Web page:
Claudine Hellmuth paints. I took a Donna Downey class a few weeks ago and she did this very cool technique with paint, using liquid acrylics, and I wanted to see if I could re-create the look with the Claudine paints. I'm happy to report that they worked perfectly!
First step (my canvas was already prepped with gesso but this would be your first step if the canvas wasn't prepped) was to apply a layer of Traditional Tan paint. I then used my heat gun to gently dry the paint. I then combined a blob (that's a technical term) of Sky Blue and Smidge of Blue paint on a piece of cardboard. Using a wide brush, I loaded up my brush with paint and dragged the brush across the top edge of the canvas. Then I got crazy with a water bottle...spraying the blue paint with water, allowing the paint to run down the front of the canvas. LOVE! The water also made the tan run a bit and I love the bits of white showing through along with the tan, light, and dark blue. It has the look of an old plaster wall.
Let is Snow, white embossing paste from Wendy Vecchi and my frosting knife (that's right...I used my cake frosting knife to spread the embossing paste...it works perfectly!)
I added stars across the top of the canvas and then...I thought about what to do next. Wendy had posted a project with a snowman last week and she used the paste to create snow banks so I decided to follow suit! Once the paste was added, I sprinkled extra fine glitter all over the paste. Fabulous result...super sparkly!
While the paste dried, I got to work on my snowman. This is a snowman die, designed by Tim, from last year (or maybe two years ago now?) that I cut out from chipboard. I made the snowman out of four layers of chipboard so he's weighty. Out of the fifth snowman I cut out the snowman's nose, arms, and hat. I colored the arms brown with Walnut Stain Distress Ink, the hat was painted with a Pitch Black paint dabber, and the nose was painted with a Sunset Orange paint dabber.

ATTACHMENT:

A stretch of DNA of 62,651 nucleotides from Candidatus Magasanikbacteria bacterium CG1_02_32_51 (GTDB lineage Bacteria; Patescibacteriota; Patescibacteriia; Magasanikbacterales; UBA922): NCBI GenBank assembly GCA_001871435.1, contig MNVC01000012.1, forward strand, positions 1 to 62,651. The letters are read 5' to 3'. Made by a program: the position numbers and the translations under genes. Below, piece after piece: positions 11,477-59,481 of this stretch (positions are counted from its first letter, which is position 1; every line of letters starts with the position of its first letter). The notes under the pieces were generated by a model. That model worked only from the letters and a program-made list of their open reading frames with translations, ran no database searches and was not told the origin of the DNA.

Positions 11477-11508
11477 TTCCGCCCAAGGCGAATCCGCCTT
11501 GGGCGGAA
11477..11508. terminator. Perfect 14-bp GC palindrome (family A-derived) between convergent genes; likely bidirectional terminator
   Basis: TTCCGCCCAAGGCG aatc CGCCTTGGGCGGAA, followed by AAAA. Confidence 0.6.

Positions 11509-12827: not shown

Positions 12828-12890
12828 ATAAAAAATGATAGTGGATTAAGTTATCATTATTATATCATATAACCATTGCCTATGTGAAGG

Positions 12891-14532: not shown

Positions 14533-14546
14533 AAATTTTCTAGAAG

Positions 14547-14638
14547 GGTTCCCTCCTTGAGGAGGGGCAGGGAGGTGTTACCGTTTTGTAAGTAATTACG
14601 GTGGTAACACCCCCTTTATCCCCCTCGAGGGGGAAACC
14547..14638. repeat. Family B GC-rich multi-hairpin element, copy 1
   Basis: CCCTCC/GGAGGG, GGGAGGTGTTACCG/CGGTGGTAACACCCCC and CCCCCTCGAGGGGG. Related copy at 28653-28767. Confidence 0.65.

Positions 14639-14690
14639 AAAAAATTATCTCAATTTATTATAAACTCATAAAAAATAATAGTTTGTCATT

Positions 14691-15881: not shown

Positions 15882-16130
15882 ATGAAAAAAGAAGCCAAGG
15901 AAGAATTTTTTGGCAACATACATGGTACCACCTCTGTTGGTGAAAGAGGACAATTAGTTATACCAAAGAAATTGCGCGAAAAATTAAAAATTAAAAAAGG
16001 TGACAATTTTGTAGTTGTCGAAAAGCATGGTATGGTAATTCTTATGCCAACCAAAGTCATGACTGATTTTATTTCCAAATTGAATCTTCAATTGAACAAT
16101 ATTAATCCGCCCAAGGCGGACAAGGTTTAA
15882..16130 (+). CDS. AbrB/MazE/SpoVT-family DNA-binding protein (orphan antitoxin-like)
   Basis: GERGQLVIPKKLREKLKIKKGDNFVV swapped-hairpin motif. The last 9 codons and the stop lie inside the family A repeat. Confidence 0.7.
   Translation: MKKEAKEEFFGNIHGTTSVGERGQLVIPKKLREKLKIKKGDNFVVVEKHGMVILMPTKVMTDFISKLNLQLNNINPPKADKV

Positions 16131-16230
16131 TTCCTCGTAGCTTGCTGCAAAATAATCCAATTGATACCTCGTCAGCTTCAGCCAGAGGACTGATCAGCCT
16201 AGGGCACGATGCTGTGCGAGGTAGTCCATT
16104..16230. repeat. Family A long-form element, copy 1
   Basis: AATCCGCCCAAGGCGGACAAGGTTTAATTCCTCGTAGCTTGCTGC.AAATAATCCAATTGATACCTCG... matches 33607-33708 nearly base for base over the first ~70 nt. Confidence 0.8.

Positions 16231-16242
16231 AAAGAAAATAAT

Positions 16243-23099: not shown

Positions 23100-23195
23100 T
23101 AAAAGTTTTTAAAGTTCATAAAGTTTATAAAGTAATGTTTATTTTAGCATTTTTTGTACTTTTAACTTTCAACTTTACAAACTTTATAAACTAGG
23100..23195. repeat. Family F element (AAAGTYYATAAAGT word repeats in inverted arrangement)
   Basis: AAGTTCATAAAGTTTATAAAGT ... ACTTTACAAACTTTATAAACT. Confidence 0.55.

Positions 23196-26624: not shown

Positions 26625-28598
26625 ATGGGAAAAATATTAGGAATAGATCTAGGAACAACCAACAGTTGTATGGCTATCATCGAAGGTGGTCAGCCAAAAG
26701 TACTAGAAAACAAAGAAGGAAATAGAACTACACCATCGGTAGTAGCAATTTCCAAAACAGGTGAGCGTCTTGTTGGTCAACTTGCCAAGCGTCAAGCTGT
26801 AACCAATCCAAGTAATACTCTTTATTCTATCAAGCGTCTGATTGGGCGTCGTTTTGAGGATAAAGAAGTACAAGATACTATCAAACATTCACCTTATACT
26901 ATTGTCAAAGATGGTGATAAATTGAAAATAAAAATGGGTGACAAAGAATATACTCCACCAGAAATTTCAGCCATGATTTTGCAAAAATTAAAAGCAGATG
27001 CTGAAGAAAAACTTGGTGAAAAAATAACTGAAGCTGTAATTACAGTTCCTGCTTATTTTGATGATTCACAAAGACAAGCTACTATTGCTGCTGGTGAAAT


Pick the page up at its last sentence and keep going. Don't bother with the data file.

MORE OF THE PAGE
These pieces were set aside to dry while I got to work on the snowman. He's completely covered with torn pieces of tissue tape. I used a few different designs on the snowman but you can use any design! (I'm thinking washi tape could be fun too!) Once the snowman was fully covered, I went over the entire snowman with the Picket Fence Distress Stain. The stain helped to tone down the tape and adhere the tape to the chipboard.
Once the paint was dry I glued the arms, hat, and nose onto the main snowman. I added a few leaf die cuts and red stickles to the hat. I also added three black (coal) buttons to the front of the snowman, using Enamel Accents.
Of course my snowman needed a scarf so I grabbed some Crinkle Ribbon (love that you can buy this in 10 yard packs now) and my Wild Honey Distress Ink pad. I colored the ribbon with the ink, misted the ribbon with water, crinkled the ribbon, and dried the ribbon with my heat gun. Love that pop of color on the snowman! A metal brad finished off the look!Tim Holtz sets. I love this saying... And what about those snowflakes in the paste? Aren't they amazing? Love them! Oh, and I added a year date to the edge of the canvas, surrounded by a metal ring.
Glossy Accents to add some snow (aka sparkly fluff) to the tree branches. Then I just added some twine around the trunk and a metal star.
I had so much fun creating my canvas and it was great to just kind of "go with the flow," which isn't a way I typically create. I'm looking forward to making another canvas (I have one more hidden in my stash!) and creating a video to share the process with you!
Enjoy and tell me...what will you create today?